erwinx, firstly let's define art, by it's correct definition if you please!

    I quote from Cambridge International Dictionary of English;

    art: noun
    the making of what is expressive or beautiful, or things that are considered to be expressive or beautiful

    Supplimental defiitions:

    Art is sometimes used to refer particularly to painting, drawing and sculpture.

    Art can also be used to refer to paintings, drawings and sculptures.

    An art is an activity through which people express particular ideas.

    An art is also a skill or special ability.

    [B]end of definition[B]

    Now you have stated above that if enough people recognise something as art then it is art, so how many people need to recognise it as art? Bearning in mind that there are some 6 billion people on this planet I'd suggest that in a social context if 3-4% of the worlds population recognise a work as having met the above definitions then it qualifies as art.

    Now 3% of the worlds population is 180 million people unless my mathematical skills have deserted me. I doubt if 180 million people would call a piece of blue painted canvass a work of art, in fact I doubt if 3 million people would call it a work of art. Most would call it a piece of painted canvass and nothing less or more and hundreds of of millions would more than likely call it a waste of space if it was hanging in a gallery. Moreover, those people would laugh at any person stupid enough to shell out thousands of dollars for it.

    Originally posted by erwinx
    [B]"The Klein going for 6.5k is suppose is implicit acceptance of the social recognition of his work as art (which starts from the basis of an initial individual sychological/emotional reaction)

    On that basis, it is art."
    A cynic like me would say that this is a classic example of a con job, where by the alleged artist places a large price tag on a work or dubious worth after more than likely producing some **** and bull story about it's hidden psychological and angst ridden meaning, a story which will thoroughly appeal to the artsty-fartsy set who sadly infest the arts world.

    Originally posted by erwinx
    [B]"Having said that, why do you resist telling us why you don't think the Klein is 'art'? Perhaps because the reasons are entirely subjective (and therefore no superior than those of people who think that the Klein is 'art'?) Which is why a social, contextual analysis is required - if society recognises it as art (i.e. not just 1 person, but several people having a reaction to it...)"
    Interesting but untennable concept when occams razor is applied.

    Society as a whole knows what it likes and despite the 'education' and rhetoric of art critics, artists and the artsy-fartsy set about what is good and great in a given style of art society as a whole shows its contempt for such art as it doesn't like by not attending exhibitions of such work, a fact that is demonstrated by the poor attendance by the general public at most artists exhibitons.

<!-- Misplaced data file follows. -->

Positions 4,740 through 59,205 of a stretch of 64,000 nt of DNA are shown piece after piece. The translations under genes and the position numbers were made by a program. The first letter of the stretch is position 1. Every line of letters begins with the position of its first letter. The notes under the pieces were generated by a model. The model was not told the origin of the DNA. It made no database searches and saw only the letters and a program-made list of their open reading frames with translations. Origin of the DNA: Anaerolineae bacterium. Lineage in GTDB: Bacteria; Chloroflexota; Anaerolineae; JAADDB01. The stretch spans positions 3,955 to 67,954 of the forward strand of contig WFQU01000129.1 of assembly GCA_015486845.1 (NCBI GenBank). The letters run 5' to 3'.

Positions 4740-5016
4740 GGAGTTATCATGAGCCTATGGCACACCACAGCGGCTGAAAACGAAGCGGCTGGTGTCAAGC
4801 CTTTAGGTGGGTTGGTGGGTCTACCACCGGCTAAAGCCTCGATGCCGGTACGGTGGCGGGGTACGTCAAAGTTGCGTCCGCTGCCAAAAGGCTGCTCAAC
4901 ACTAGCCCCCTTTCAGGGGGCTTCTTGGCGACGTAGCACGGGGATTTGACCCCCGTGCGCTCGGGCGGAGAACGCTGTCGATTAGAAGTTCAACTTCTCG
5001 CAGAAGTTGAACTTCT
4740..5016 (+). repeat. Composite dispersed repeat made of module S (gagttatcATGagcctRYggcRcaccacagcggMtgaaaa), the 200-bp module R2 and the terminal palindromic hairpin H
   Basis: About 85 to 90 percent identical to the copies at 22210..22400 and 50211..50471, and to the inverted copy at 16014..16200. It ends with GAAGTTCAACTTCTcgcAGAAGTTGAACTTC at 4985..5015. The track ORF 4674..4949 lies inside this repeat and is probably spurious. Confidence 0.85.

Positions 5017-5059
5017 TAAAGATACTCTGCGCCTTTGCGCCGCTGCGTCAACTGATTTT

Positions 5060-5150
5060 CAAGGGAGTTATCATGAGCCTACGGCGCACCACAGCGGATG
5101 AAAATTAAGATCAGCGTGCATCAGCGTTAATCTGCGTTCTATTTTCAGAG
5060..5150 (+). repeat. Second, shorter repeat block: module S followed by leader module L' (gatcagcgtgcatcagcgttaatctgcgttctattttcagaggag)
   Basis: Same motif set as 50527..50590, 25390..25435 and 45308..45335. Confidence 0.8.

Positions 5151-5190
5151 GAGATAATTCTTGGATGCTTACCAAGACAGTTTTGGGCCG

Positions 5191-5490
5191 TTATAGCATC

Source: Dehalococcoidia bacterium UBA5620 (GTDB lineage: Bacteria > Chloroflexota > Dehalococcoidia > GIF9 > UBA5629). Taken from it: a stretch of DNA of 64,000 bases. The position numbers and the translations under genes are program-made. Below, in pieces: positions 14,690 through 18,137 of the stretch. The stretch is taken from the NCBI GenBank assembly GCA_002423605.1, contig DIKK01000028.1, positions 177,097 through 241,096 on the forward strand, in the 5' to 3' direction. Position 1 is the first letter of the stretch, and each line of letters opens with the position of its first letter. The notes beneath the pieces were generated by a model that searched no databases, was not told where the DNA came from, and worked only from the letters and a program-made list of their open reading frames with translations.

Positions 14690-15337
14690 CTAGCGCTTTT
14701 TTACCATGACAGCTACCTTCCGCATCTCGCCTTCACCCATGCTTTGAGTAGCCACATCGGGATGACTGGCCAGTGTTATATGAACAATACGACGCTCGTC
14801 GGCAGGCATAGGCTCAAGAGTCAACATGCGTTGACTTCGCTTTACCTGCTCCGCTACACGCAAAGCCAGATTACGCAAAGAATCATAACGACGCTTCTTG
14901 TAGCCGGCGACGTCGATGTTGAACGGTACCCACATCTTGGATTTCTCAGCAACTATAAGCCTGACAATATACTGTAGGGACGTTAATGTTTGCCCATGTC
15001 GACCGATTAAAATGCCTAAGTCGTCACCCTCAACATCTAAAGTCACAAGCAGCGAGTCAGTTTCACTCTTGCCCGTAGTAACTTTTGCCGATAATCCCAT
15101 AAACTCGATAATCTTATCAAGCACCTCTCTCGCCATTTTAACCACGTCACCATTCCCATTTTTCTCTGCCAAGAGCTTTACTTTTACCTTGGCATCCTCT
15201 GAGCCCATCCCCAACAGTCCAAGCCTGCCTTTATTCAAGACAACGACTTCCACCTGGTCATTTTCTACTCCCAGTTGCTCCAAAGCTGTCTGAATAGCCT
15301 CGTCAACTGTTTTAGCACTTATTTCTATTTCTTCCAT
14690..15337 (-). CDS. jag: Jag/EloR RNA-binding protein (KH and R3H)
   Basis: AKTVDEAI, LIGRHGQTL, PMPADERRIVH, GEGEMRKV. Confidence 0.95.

Perhaps you could enlighten us all on the reasons for the follwing facts.

    1) The most popular exhibitions in terms of attendance are of traditional 'grand master' type paintings and sculptures from the likes of Rembrant, Reubens, Van Dyke, Turner, Constable, Rodin and Monet, as well as the classical greek, roman, chinese and eqyptian art exhibitions.

    2) The popular vote (where held) in the major portraiture compettions is almost always heavily in favour of a work in a "classic" painting style, despite the fact that the art panel usually pick something that is not to the public's liking.

    3) Why the modern arts community (painting, sculpture and installation art)) is so far out of touch with what people appreciate and enjoy?

    On a final note, the emotional response to a piece of art is indeed a personal reaction, however a good con artist knows that the way to sway a gullible mind is with a good story. Ever notice how these days the story behind a work is of paramount importance, which is something that a Rembrant or Turner doesn't require as the piece speaks for itself. Could this reliance on the spiel be because many of todays modern artists are nothing more than bullsh*t artists masquerading their trite crud as true art.

    Have a nice day.
    The Ang Moh from Hell
    Professional Photography - many are called, few are chosen!

  18. #38

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    "Society as a whole knows what it likes and despite the 'education' and rhetoric of art critics, artists and the artsy-fartsy set about what is good and great in a given style of art society as a whole shows its contempt for such art as it doesn't like by not attending exhibitions of such work, a fact that is demonstrated by the poor attendance by the general public at most artists exhibitons."

    The question is 'whose society'. Similarly for the definition - whose definition of 'beauty'? Attendance at Western European Monet exhibition is probably higher than attendance at exhibitions of say traditional African tribal art, or traditional chinese art. Art is popularity?

    As such, the dictionary definition implies but does not make clear that Art is in essence, a social construct. Like your examples seem to imply, the opinion of the masses count (as representatives of what you assume to be a homogenous society - since you have boldly proclaimed 'society knows')

    The question is, how many people does it take to feel that a piece of artwork is art before it is 'art'? You seem to imply a fairly large amount, I am implying a smaller amount. Are we actually disagreeing in principle? It may well be that if theres a larger amount, then it suggests that this artwork is more popular and 'better'. So if there are fewer people, then perhaps its more questionable, or maybe its just 'not as good' 'art'. But is there a point in calling it 'not art'? Why not just say, I don't like this piece of 'art'?